The White House, under the Biden administration, is reportedly preparing to issue an order in the coming weeks regarding the country’s actions towards cryptocurrencies according to the source ‘familiar with the White House’s plan’.
The upcoming executive order is said to make federal agencies conduct risk analysis on cryptocurrencies such as Bitcoin and other tokens. ‘This is designed to look holistically at digital assets and develop a set of policies that give coherence to what the government is trying to do in this space’, the source said.
Due to the ability of decentralized blockchain technology to find a way around geo-specific regulations, the US administration might decide on synchronized regulations with other countries. This might result in a regulatory framework that covers all digital assets such as cryptos, stablecoins and Non-Fungible Tokens (NFTs).
The coming executive order is said to fall under the findings that crypto is a national security threat. This is because government entities have found out that digital assets can be a border tool for shifting money, thus can be used illicitly.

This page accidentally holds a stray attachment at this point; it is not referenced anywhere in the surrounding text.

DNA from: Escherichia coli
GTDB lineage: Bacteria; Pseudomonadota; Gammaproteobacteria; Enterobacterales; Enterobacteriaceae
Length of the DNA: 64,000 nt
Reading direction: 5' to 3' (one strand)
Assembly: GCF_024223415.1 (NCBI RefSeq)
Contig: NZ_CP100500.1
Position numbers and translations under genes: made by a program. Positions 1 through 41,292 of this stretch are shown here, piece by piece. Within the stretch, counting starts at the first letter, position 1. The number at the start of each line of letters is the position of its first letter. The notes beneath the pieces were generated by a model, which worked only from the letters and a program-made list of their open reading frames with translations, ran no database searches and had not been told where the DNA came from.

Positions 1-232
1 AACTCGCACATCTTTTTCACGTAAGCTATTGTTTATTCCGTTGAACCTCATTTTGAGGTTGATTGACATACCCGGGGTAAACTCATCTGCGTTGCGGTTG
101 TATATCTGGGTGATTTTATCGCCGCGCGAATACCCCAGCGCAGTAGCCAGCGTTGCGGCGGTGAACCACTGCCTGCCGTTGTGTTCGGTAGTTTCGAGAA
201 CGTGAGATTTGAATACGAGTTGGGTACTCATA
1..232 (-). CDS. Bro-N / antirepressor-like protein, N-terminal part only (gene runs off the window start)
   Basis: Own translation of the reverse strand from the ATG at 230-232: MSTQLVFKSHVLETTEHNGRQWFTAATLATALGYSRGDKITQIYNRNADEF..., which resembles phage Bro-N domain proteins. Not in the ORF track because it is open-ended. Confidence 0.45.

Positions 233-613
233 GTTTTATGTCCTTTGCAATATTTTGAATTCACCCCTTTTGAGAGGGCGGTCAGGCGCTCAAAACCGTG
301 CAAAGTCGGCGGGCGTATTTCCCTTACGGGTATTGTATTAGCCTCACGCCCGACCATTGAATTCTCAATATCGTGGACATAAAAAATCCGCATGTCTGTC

Eric Balchunas, the senior market analyst at the media conglomerate Bloomberg, referred to the news as a ‘broader crypto crackdown’ in his tweet last Friday. He said that the constant rejections of Bitcoin sport exchange-traded funds (ETFs) may be caused by the White House’s views on crypto as a national security threat.
On January 25, House Democrats proposed a piece of legislation regarding the crypto industry called the America COMPETES Act. A provision in the proposed bill would allow the Treasury Secretary to ban crypto exchanges from providing their service without any prior notice to the platforms.
Jerry Brito, the executive director of a non-profit cryptocurrency research and advocacy centre, Coin Center, posted a tweet last Tuesday regarding the legislation. He stated that the provision would be disastrous for cryptocurrency and privacy due to the general processes that they would have to follow.
In addition, the ‘special measures’ are said to give the Treasury Secretary unchecked and unilateral power to ban exchanges and other financial institutions from doing crypto-related activities.
Meanwhile, pleas from crypto industry experts to clarify aspects of the Infrastructure Bill about digital assets are echoing. Treasury Secretary Janet Yellen has yet to respond to the controversy of their definition of a ‘broker’. A bipartisan group of House representatives said that the Infrastructure Bill’s meaning of ‘broker’ is too broad and should have a narrower scope. This is to prevent creating confusion since some brokers are not required to provide information about senders and receivers such as in crypto.
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